Ambulance Dir: Michael Bay (Film Review)

Ambulance is director Michael Bay’s attempt to make a “small, character-driven film”. On that score, he failed fabulously. But Bay being Bay, there are enough car crashes, explosions and gunfights to make up for its lack of character.

Starring: Jake Gyllenhaal, Yahya Abdul-Mateen II, Eiza Gonzalez

Let’s face it, with a resume of titles like Armageddon, Pearl Harbor and Transformers, no one goes to a Michael Bay film to get in touch with their feelings. And Ambulance, despite any good intentions, is no exception.

Here’s the set-up: Two adopted brothers, Danny (Jake Gyllenhall) and Will (Yahya Abdul-Mateen II) hatch a plan to rob an LA bank to pay for Will’s wife’s “experimental surgery”…this being the US, the half a million dollars needed is not covered by their insurance.

By way of back story, the brothers’ dad was a bad dude and Danny has chosen a similar route, while brother Will is an ex-Marine and family man.

Needless to say, the bank heist does not go as planned, the police arrive and after much, much shooting and crashing, the brothers, along with millions of stolen dollars, end up hijacking an ambulance and, with Will driving and Danny shooting, make their getaway. Only trouble is there is a wounded cop in the back, ‘accidently’ shot by Will, and an EMT person, Cam (Eiza Gonzalez) keeping him alive.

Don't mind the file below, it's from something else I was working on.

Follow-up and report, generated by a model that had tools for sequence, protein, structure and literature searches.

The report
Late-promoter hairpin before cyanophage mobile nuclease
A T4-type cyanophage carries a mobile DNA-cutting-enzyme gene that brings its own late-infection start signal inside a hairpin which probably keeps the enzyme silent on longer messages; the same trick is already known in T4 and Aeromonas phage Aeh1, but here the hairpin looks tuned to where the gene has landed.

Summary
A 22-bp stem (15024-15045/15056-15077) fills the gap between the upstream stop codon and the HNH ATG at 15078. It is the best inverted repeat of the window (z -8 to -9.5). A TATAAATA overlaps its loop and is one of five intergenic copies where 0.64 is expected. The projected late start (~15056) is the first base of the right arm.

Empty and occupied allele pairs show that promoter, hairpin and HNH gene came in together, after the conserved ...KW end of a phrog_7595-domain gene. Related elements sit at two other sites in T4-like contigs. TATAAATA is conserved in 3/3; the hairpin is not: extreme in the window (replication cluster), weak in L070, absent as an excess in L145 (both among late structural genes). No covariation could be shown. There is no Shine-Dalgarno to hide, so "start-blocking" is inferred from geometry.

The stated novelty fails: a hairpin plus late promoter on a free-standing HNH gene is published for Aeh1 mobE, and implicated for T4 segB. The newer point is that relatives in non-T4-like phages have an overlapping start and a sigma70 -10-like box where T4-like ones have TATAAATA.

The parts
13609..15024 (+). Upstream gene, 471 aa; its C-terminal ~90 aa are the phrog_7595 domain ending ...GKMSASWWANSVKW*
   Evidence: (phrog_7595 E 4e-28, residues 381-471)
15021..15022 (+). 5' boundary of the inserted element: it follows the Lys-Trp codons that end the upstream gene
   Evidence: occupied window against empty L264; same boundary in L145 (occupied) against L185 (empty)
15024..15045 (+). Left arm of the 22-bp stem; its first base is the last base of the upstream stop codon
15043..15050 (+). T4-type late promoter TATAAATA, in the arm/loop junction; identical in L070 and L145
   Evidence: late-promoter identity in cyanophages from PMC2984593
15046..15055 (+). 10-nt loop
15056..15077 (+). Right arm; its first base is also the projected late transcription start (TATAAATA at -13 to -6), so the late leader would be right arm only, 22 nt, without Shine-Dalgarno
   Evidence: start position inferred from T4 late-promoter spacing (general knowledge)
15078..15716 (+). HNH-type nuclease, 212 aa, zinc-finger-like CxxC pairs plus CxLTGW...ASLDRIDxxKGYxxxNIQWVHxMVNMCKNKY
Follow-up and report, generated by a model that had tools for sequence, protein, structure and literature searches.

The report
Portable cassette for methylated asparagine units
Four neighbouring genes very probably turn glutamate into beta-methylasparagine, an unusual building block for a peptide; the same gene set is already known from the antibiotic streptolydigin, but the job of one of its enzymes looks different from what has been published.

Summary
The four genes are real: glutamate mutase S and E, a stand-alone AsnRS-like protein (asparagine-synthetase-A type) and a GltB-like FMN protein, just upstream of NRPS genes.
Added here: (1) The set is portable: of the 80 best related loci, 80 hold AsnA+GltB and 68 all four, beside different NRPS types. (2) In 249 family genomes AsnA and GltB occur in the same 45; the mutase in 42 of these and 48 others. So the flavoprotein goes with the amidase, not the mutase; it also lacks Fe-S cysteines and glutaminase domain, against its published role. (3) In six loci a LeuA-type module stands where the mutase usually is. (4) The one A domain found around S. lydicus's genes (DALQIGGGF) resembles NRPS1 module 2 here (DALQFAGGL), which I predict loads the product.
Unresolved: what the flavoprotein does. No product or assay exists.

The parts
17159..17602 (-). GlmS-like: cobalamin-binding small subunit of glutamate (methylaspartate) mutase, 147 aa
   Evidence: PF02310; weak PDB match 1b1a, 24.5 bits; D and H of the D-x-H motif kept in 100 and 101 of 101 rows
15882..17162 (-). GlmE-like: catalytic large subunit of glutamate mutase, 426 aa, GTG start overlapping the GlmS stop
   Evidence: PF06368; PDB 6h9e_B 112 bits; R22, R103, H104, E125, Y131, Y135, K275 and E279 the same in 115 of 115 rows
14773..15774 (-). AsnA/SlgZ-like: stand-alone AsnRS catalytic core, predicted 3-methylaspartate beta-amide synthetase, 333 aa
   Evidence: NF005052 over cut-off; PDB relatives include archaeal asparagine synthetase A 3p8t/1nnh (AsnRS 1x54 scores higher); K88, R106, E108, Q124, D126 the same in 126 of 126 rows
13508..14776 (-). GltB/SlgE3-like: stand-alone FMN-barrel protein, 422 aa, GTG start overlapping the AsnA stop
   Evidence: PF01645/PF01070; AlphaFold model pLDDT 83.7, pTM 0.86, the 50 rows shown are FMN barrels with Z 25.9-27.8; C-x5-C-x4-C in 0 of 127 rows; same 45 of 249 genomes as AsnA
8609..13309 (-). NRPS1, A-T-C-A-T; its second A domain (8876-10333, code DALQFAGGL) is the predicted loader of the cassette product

And there you have it…some may call it Speed in an Ambulance, others just call it good, dumb fun.

Technically, the cinematography is incredible…especially the dizzying, fast-cut shots taken by FPV’s (First Person View) drones.  And the action feels very real…no CGI here, just plenty of vehicles to smash up.

Also, the character development is pretty good as we learn more about the characters and our alliances change through the picture.

If only it would end.

Clocking in at 135 minutes I felt like I had just sat through the Ambulance and Ambulance II. By the time our (anti) heroes land in the Los Angeles riverbed, any semblance of plot has been discarded and it feels like we’ve moved from Speed to Chinatown (I half-expected to see the ghost of John Huston).

When the dust settles, the resolution of the story seems fairly obvious. One wonders why it had to take so long to get there.

Marty Duda